Robba Robba - 2 months ago 25
TypeScript Question

Proper use of a Typescript .d.ts file

I'm trying to get my head around how exactly TypeScript .d.ts files work. I'm having a hard time grasping differences that seem to exist between:


  1. The compiler

  2. Intellisense (in VS2015 with ReSharper)

  3. Runtime / the module loader (Systemjs)



I'm using the oidc-client-js library which supplies an oidc-client.d.ts file that looks a bit like below:

declare var UserManager: Oidc.UserManager;
... more stuff

declare module "oidc-client" {
export = Oidc;
}

declare namespace Oidc {
interface OidcClient {
... more stuff
}
interface OidcManager extends OidcClient {
... more stuff
}
... more stuff
}


I want to use the UserManager class in my own TypeScript class and thus do the following:

/// <reference path="../node_modules/oidc-client/oidc-client.d.ts"/>
export class SecurityService {
private manager: Oidc.UserManager;

constructor() {
this.manager = new Oidc.UserManager({
... settings here
});
}
}


At this point the following happens (the
<reference>
is pointing to the correct file):


  1. The compiler will complain that there is no Oidc namespace on the
    new Oidc.UserManager()
    call

  2. Intellisense also complains about the missing Oidc symbol

  3. Doesn't compile, so also doesn't run



So in an effort to please the compiler I can change my code to this (notice the change from
new Oidc.UserManager
to
new UserManager
:

/// <reference path="../node_modules/oidc-client/oidc-client.d.ts"/>
export class SecurityService {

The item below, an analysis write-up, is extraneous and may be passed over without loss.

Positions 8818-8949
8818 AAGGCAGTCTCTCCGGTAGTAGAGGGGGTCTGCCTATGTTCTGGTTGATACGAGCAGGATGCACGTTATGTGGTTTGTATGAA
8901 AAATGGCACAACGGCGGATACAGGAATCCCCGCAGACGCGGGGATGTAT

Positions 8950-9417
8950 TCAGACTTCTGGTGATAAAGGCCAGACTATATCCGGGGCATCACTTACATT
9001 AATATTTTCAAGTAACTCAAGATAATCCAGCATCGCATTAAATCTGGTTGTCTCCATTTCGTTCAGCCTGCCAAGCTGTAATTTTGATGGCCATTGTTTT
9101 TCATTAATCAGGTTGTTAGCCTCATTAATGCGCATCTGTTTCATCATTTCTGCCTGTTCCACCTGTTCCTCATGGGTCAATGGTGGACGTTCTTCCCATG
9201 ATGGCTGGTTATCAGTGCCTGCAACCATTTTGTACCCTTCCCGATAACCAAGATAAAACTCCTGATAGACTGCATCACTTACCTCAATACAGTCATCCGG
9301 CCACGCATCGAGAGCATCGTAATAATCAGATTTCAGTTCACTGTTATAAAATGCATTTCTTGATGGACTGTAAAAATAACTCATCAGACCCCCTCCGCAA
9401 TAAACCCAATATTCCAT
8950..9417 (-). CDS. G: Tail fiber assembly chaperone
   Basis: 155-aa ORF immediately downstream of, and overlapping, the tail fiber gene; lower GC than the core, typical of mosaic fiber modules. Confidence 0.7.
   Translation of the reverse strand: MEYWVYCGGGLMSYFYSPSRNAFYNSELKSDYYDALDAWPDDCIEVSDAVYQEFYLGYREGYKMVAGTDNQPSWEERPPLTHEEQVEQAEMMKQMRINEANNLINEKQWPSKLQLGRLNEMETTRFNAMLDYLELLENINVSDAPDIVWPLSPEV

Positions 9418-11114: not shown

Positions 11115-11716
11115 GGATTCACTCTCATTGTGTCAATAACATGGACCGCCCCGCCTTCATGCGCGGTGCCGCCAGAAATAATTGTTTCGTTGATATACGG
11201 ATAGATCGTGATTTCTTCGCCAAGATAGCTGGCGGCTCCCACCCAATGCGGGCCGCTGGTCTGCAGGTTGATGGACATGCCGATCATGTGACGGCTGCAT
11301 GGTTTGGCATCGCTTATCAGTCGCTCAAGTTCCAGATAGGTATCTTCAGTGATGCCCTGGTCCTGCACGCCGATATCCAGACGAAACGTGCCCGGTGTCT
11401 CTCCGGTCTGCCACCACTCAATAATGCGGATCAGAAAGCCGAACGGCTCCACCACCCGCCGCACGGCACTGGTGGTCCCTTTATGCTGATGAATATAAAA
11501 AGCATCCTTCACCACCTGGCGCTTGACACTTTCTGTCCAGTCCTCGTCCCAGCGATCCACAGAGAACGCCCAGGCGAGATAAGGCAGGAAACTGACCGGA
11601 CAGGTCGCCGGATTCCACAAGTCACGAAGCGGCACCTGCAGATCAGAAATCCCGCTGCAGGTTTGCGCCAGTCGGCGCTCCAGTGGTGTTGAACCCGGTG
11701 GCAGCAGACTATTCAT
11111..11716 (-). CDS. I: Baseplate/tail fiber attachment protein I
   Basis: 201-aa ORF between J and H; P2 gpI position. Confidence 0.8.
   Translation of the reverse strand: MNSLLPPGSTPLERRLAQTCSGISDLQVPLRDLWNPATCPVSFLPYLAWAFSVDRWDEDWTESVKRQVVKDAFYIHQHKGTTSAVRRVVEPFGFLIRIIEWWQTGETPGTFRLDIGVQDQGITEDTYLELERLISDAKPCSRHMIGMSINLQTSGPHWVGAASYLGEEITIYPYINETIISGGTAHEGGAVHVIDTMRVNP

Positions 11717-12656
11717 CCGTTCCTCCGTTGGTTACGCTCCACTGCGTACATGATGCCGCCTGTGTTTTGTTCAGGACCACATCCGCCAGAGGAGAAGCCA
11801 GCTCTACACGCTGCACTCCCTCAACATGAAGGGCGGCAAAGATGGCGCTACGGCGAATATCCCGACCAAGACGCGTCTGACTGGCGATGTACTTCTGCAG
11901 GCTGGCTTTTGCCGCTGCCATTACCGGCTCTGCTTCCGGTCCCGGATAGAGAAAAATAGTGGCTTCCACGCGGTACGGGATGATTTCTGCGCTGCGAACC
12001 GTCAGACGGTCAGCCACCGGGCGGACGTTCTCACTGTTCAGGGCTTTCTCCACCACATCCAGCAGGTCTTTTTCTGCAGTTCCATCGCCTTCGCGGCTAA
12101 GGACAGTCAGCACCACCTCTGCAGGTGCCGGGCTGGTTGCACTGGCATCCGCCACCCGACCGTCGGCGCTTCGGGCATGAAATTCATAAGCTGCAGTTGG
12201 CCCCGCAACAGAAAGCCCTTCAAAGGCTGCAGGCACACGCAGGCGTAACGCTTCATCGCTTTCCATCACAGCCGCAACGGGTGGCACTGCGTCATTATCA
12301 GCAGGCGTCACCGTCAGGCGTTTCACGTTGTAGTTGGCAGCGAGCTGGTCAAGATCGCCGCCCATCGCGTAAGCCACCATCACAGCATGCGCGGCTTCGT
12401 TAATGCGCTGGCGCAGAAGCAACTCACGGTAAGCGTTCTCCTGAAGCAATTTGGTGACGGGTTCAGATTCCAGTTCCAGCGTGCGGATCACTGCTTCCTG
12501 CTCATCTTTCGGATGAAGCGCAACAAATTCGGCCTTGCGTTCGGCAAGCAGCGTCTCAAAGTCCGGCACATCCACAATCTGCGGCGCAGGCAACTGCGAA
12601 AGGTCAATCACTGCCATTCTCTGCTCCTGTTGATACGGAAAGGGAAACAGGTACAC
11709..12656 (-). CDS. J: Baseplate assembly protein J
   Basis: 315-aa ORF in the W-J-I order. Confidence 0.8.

private manager: Oidc.UserManager;

constructor() {
this.manager = new UserManager({
... settings here
});
}
}


This has the following effect:


  1. The compiler will no longer complain

  2. Intellisense is also happy

  3. When running the app, I get an error stating that UserManager does not exist. This is correct because in the oidc-client-js library all the classes are actually in the Oidc namespace. So the correct way to create an object is
    new Oidc.UserManager()
    .



Another way to fix the issue is to change the code into this (note the added
declare var Oidc
:

/// <reference path="../node_modules/oidc-client/oidc-client.d.ts"/>
declare var Oidc;

export class SecurityService {
private manager: Oidc.UserManager;

constructor() {
this.manager = new Oidc.UserManager({
... settings here
});
}
}


This will:


  1. Make the compiler happy

  2. Trick intellisense into thinking that anything under Oidc is of type
    any
    , which is obviously less than optimal.

  3. Work fine at run time



The only solution I've found so far that actually works on all fronts is to change the .d.ts file to use classes instead of interfaces:

declare var UserManager: Oidc.UserManager;
... more stuff

declare module "oidc-client" {
export = Oidc;
}

declare namespace Oidc {
class OidcClient {
... more stuff
}
class OidcManager extends OidcClient {
... more stuff
}
... more stuff
}


But this requires a change in the definition file. Looking at other definition files they usually use interfaces instead of classes so this makes me wonder if this is actually an issue with the definitions file or if this is just my lack of proper understanding of how this works in TypeScript.

Any help would be appreciated.

Answer

I think it's just an issue with the definition file.

The definition file says that there should be a var UserManager: Oidc.UserManager available. This is why the compiler doesn't complain when you use new UserManager(), because the definition file says that it exists.

The problem is that it actually does not exist (in the JavaScript), hence the runtime error.

This file might be incorrect because it's outdated. I've found a seemingly updated definition file, which you might want to give a try.